What makes you think day light would help if you are already lost? Knowledge of what direction south or north is only meaningful if you know where you are relative to other things. Then you can make judgements based on other factors like time, angle and speed to navigate.
>> No. 26170 Anonymous
20th October 2017
Friday 1:34 am
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>>26164

What is it that you think changed in 1997?
>> No. 26171 Anonymous
20th October 2017
Friday 8:25 am
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>>26170
Sojourner navigated Mars.
>> No. 26172 Anonymous
20th October 2017
Friday 10:13 am
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>>26171
A mere five centuries after the likes of Columbus and Magellan navigated Earth.
>> No. 26173 Anonymous
20th October 2017
Friday 12:11 pm
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>>26172

And only two thousand two hundred years since Eratosthenes calculated the circumference of the earth.
>> No. 26174 Anonymous
20th October 2017
Friday 12:16 pm
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>>26173
I know, right? It's almost as if mathematically Sojourner didn't really change anything.
>> No. 26175 Anonymous
20th October 2017
Friday 1:57 pm
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>>26169
So can you know where you are based on the stars alone?
>> No. 26176 Anonymous
20th October 2017
Friday 2:46 pm
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>>26175
You can determine latitude easily. Longitude is rather more difficult, for obvious reasons.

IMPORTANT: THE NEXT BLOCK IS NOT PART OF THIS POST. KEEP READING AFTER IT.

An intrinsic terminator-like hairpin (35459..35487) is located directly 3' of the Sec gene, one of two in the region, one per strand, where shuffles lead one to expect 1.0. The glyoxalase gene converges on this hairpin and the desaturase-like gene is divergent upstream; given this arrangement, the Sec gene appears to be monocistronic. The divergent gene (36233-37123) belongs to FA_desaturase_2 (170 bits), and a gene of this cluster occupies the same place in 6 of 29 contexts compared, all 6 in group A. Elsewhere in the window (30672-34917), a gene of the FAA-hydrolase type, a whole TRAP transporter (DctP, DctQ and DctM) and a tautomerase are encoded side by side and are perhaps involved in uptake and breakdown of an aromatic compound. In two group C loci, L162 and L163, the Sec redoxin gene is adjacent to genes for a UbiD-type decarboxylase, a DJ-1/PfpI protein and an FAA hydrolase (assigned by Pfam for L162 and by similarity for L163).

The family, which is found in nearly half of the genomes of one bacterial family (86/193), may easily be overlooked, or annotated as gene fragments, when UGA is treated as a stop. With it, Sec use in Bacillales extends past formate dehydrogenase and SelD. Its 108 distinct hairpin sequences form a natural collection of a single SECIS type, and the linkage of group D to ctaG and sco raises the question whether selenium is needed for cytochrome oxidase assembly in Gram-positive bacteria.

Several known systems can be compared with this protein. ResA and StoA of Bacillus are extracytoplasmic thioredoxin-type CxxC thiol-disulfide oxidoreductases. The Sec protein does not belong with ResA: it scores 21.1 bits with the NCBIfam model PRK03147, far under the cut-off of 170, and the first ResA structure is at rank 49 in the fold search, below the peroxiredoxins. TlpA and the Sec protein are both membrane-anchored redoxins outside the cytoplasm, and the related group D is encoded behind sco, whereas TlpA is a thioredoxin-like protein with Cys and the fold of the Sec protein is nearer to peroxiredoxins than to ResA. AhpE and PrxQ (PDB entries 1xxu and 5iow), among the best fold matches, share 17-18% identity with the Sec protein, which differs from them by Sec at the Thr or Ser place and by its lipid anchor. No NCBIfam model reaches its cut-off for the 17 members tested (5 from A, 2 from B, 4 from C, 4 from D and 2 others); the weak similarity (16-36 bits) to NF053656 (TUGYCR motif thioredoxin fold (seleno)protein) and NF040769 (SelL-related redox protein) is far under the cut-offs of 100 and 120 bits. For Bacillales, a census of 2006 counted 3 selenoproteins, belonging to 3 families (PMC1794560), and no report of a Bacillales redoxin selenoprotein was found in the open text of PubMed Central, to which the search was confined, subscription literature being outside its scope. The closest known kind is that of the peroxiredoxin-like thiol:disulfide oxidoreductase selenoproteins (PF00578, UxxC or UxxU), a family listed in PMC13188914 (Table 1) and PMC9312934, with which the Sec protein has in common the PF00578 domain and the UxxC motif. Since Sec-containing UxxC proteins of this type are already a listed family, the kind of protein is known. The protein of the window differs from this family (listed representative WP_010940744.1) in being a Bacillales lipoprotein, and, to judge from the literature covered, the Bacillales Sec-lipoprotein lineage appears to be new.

>> No. 26178 Anonymous
20th October 2017
Friday 4:20 pm
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>>26175
If you knew what day of the year it was and time of night you could definitely do it.

The time of night you could probably make some sort of estimate of based on the position of the moon after knowing the time of year. The time of year you could make a 'good enough' estimate based on which stars are present in the sky for a broad estimate and then use the phase of the moon to calculate a more exact date.

I have really no idea how precise any of this navigation would be based on eyeballing, probably good enough to get you across an ocean and in the direction of the right port.

If you had precision measuring tools and a sophisticated computerized star chart you could probably calculate your exact position on the earth.
>> No. 26179 Anonymous
20th October 2017
Friday 4:34 pm
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>>26178
It was not really known how to calculate longitude accurately until around the 18th century. The major way people determined it was by using latitude, speed and direction to estimate it using the ships vectors of movement against a known position.
>> No. 26180 Anonymous
20th October 2017
Friday 5:08 pm
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>>26179

I agree but the question was about ability to determine your position with no other points of reference.